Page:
• 1970: Twisted honeycombs (American Mathematical Society, 1970, Regional conference series in mathematics Number 4, ISBN 0-8218-1653-5)
  • 1973: Regular Polytopes, (3rd edition), Dover edition, ISBN 0-486-61480-8
  • 1974: Projective Geometry (2nd edition)
  • 1974: Regular Complex Polytopes, Cambridge University Press
  • 1981: (with R. Frucht and D. L. Powers), Zero-Symmetric Graphs, Academic Press.
  • 1985: "Regular and Semi-Regular Polytopes II", Mathematische Zeitschrift 188: 559–591
  • 1987 Projective Geometry (1987) ISBN 978-0-387-40623-7
  • 1988: "Regular and Semi-Regular Polytopes III", Mathematische Zeitschrift 200: 3–45
  • 1995: F. Arthur Sherk, Peter McMullen, Anthony C. Thompson and Asia Ivić Weiss, editors: Kaleidoscopes — Selected Writings of H. S. M. Coxeter. John Wiley and Sons ISBN 0-471-01003-0
  • 1999: The Beauty of Geometry: Twelve Essays, Dover Publications, LCCN 99-35678, ISBN 0-486-40919-8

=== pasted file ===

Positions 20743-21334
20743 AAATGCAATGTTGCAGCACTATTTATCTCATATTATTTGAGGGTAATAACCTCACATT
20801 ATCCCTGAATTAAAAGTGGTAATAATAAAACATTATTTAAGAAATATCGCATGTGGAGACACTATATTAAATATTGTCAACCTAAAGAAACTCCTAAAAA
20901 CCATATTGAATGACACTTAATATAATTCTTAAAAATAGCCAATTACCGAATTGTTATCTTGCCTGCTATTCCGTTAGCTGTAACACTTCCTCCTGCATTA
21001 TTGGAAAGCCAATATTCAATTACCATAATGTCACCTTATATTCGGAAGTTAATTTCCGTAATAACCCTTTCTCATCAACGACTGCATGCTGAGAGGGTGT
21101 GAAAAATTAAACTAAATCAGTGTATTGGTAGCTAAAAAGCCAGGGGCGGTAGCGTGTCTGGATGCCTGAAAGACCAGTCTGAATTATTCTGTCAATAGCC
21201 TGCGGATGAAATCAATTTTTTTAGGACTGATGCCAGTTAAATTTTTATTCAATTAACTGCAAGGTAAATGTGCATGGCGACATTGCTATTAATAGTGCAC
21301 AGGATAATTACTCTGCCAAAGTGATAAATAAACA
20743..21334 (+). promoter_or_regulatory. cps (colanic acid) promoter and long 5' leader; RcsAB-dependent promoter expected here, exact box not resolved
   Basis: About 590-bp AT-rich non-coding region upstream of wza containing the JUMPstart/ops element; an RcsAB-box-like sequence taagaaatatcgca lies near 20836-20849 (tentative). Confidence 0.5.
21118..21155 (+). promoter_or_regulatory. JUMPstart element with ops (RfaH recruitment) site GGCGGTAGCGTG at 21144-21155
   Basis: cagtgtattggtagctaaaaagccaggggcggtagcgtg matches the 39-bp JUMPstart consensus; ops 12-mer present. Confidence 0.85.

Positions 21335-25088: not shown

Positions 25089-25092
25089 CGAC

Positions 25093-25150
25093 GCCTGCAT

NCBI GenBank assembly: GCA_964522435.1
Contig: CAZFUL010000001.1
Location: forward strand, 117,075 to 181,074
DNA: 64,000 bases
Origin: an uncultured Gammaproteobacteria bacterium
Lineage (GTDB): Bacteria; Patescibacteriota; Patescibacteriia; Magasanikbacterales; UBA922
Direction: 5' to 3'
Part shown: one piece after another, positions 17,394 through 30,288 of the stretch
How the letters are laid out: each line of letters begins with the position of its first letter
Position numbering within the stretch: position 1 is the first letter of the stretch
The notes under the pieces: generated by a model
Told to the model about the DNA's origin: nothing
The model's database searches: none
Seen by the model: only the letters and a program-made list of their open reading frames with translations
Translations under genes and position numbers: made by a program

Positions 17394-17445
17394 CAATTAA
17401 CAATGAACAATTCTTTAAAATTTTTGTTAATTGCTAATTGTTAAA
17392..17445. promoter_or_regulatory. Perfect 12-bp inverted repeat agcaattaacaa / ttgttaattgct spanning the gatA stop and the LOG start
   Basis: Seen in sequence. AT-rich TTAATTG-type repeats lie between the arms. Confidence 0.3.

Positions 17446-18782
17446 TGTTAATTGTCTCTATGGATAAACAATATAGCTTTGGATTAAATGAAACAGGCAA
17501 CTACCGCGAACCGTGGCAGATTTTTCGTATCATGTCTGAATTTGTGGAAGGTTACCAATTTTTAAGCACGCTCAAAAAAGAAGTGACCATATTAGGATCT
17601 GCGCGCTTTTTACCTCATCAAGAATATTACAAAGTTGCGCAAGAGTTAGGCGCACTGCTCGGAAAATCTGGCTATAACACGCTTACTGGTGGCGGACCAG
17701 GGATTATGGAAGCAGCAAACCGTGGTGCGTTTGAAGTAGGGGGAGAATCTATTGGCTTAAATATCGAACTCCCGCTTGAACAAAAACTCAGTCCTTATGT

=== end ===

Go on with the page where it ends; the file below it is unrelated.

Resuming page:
See also edit

References edit

  1. ^ Harold Scott MacDonald Coxeter at the Mathematics Genealogy Project
  2. ^ "Geometry Revisited". Mathematical Association of America. Archived from the original on 25 December 2018. Retrieved 25 December 2018.
  3. ^ a b c Roberts, Siobhan; Ivić Weiss, Asia (2006). Longair, Malcolm (ed.). "Harold Scott MacDonald Coxeter. 9 February 1907 — 31 March 2003: Elected FRS 1950". Biographical Memoirs of Fellows of the Royal Society. 52: 45–66. doi:10.1098/rsbm.2006.0004. ISSN 1748-8494.
  4. ^ a b "Oxford Dictionary of National Biography". Oxford Dictionary of National Biography (online ed.). Oxford University Press. 2004. doi:10.1093/ref:odnb/89876. (Subscription or UK public library membership required.)
  5. ^ a b c d Roberts, Siobhan, King of Infinite Space: Donald Coxeter, The Man Who Saved Geometry, Walker & Company, 2006, ISBN 0-8027-1499-4